U.S. Milk Output Increases as Higher Prices Spur Productivity

U.S. milk output increased 1.3 percent in May, the Department of Agriculture said, as climbing prices spurred farmers to increase productivity.

Production rose to 17.27 billion pounds from 17.04 billion in May 2010, the USDA said today in a report. The dairy herd totaled 9.2 million head last month, up 0.9 percent from a year earlier, while the average cow produced 1,877 pounds of milk, up 0.4 percent.

“Relative to last year, we’re still looking at more milk per cow and more cow numbers,” Bill Brooks, an economist with INTL FCStone, said before the report. Farmers are “trying to maximize their facilities.”

Class III milk futures reached a 35-month high of $20.27 per 100 pounds on June 6 amid climbing demand for U.S. dairy products. The July contract fell 5 cents, or 0.2 percent, to $20.04 at 12:59 p.m. on the Chicago Mercantile Exchange. Before today, the commodity rose 48 percent in the past year.

A cool, wet spring in parts of the U.S. has delayed pasture growth in some areas and is “negatively impacting the feed quality that cows are getting,” Brooks said. This could limit the growth per-cow output going forward, he said.

The average price farmers will get for all milk this year will be $19.85 per 100 pounds, up from an estimated $16.29 in 2010, the USDA said last week. Output in 2011 will climb to an all-time high of 195.5 billion pounds, up from last year’s record of 192.8 billion, the government forecast. Production will continue to jump in 2012 to 198.5 billion pounds, according to the USDA.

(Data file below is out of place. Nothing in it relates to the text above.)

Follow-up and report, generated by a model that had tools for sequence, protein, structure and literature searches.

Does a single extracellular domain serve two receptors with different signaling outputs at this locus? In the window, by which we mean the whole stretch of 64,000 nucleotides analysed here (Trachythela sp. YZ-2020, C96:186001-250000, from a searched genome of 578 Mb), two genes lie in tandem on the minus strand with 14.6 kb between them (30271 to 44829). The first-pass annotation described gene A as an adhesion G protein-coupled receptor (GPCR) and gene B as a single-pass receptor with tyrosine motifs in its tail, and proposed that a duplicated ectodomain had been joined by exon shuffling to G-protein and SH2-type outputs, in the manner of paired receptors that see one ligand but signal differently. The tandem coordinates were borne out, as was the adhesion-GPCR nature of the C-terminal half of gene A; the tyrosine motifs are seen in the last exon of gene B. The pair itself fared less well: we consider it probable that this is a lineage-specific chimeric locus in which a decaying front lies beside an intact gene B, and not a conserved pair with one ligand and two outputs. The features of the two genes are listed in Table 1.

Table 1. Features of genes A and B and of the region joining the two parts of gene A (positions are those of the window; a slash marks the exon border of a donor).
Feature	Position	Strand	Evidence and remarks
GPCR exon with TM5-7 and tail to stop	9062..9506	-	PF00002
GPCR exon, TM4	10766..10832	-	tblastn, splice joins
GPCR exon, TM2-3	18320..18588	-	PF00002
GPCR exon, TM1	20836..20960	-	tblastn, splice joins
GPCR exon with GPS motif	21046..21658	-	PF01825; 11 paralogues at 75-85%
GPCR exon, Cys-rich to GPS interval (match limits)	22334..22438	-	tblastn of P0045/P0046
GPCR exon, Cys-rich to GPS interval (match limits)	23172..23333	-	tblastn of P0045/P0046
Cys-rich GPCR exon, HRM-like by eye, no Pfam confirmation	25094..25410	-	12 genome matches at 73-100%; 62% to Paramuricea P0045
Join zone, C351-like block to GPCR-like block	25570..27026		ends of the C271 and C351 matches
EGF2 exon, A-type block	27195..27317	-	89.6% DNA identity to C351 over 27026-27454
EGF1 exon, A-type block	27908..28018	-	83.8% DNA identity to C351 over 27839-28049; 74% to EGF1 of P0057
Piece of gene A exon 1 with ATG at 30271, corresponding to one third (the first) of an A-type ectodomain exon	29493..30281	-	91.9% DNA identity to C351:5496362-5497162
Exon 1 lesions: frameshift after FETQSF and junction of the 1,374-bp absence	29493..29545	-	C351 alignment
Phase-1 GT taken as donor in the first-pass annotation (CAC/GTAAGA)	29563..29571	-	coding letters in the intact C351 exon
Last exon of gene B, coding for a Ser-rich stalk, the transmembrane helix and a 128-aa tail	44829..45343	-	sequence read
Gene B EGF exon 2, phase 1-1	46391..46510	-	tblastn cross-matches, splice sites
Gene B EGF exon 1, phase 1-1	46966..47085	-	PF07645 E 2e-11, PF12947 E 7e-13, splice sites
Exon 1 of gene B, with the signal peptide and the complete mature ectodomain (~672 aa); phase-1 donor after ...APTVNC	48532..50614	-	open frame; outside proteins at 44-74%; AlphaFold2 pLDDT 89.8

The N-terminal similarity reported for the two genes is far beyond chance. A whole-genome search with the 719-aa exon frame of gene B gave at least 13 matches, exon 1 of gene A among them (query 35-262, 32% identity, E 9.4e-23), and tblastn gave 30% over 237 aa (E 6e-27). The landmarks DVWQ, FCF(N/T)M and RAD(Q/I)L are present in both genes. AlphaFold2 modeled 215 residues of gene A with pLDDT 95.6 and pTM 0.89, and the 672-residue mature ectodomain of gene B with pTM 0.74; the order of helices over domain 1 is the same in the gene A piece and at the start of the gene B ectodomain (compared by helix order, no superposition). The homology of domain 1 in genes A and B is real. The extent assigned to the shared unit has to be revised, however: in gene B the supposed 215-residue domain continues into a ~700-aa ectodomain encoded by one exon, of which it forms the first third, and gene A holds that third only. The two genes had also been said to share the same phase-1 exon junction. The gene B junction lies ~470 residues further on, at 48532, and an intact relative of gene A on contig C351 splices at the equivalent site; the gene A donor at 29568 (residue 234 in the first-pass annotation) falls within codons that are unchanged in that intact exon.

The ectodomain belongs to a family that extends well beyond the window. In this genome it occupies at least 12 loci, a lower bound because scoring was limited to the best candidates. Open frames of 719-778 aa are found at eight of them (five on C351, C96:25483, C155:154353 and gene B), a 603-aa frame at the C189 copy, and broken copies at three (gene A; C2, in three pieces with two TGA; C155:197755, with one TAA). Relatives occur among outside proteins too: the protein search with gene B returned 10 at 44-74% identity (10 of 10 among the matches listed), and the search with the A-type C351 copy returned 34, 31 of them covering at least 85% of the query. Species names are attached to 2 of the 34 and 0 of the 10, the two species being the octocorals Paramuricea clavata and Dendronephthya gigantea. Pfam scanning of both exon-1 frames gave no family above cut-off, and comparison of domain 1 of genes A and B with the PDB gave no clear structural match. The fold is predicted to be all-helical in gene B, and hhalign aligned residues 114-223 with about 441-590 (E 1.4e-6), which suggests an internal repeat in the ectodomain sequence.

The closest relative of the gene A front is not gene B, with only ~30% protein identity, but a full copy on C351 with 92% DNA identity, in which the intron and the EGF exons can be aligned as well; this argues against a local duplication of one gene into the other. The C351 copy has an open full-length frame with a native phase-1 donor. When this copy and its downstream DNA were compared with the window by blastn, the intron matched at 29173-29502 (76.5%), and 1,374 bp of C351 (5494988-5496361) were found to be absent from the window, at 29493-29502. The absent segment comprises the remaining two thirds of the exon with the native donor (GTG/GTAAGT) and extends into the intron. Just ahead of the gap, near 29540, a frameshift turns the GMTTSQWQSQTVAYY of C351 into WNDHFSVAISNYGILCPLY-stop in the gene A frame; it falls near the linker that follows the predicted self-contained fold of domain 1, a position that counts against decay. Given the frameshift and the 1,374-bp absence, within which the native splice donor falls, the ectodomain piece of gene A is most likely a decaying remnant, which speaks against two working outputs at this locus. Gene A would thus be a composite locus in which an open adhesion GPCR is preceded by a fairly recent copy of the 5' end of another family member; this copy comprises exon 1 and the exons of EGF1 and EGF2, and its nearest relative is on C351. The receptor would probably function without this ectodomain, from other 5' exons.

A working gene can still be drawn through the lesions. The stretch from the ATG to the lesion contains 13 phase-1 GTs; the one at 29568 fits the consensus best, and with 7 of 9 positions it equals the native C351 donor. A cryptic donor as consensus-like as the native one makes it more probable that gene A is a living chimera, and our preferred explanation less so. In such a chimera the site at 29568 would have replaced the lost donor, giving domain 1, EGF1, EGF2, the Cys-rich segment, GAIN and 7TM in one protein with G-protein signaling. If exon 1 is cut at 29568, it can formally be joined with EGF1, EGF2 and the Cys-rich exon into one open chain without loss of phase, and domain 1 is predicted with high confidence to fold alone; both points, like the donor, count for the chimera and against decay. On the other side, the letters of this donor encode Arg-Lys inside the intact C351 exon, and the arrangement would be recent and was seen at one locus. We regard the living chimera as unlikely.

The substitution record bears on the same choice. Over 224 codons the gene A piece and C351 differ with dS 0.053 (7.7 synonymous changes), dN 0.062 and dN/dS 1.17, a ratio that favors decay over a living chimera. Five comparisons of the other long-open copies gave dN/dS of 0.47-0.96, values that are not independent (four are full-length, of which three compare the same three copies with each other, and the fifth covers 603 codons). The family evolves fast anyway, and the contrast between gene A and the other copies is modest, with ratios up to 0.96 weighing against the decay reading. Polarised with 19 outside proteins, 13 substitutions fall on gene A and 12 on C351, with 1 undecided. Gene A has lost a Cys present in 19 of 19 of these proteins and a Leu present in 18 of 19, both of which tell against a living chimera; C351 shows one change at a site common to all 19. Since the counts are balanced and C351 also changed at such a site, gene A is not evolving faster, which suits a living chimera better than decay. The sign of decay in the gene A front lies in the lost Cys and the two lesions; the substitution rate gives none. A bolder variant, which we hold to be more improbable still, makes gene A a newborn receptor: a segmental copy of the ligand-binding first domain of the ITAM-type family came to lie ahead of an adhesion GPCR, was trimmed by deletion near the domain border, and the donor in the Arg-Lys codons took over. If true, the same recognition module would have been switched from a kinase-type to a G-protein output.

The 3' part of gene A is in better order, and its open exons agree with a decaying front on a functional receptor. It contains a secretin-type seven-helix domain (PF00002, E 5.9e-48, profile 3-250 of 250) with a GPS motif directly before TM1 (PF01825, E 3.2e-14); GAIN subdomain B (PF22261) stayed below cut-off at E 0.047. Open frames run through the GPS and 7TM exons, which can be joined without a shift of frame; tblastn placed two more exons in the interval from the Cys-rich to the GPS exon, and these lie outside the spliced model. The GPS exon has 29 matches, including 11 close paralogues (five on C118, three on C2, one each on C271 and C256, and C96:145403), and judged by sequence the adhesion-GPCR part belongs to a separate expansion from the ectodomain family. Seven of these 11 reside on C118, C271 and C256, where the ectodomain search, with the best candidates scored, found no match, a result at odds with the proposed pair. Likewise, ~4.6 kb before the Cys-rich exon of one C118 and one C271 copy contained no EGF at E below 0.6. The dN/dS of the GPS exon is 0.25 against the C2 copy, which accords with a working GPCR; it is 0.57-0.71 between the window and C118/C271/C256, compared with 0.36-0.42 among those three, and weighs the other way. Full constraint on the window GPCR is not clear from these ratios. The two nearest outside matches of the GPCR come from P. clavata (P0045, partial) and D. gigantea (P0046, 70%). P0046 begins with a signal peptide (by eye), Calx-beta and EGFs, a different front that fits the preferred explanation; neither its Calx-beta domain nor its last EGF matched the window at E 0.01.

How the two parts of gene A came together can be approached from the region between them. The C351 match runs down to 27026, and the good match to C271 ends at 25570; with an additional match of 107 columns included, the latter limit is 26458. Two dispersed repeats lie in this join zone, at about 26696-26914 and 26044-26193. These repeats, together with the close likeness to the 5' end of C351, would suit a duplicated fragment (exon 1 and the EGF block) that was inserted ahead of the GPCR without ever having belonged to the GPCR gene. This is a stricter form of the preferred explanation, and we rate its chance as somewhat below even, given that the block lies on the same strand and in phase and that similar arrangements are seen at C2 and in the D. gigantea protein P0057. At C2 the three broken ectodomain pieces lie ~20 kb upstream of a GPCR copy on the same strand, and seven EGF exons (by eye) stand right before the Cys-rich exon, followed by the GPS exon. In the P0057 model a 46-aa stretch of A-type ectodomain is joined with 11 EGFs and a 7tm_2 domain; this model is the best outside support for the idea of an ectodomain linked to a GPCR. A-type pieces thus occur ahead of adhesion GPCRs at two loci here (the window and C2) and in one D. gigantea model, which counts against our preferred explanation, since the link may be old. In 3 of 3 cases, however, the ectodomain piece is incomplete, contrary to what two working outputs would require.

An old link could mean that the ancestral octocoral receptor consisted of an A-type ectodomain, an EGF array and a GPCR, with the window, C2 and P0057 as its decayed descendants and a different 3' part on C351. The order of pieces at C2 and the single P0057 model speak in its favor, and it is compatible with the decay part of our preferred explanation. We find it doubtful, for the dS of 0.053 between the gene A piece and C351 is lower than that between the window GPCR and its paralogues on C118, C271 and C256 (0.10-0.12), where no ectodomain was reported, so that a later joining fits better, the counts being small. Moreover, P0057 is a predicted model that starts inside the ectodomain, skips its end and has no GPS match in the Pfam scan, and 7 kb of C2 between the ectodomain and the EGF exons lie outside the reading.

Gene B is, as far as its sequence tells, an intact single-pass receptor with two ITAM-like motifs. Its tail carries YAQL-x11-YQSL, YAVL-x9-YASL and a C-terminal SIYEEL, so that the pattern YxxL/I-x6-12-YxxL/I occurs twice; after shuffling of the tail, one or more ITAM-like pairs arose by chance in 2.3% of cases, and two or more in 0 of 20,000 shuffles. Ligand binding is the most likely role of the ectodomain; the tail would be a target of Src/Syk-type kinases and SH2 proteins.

Rising overseas demand for U.S. dairy products is boosting exports. Dairy-product shipments rose 38 percent to 429,229 tons in the first quarter of 2011 from a year earlier, with Mexico, China and Canada as the biggest buyers, the USDA said.

To contact the reporter on this story: {Elizabeth Campbell} in Chicago at ecampbell14@bloomberg.net

To contact the editor responsible for this story: Steve Stroth at sstroth@bloomberg.net

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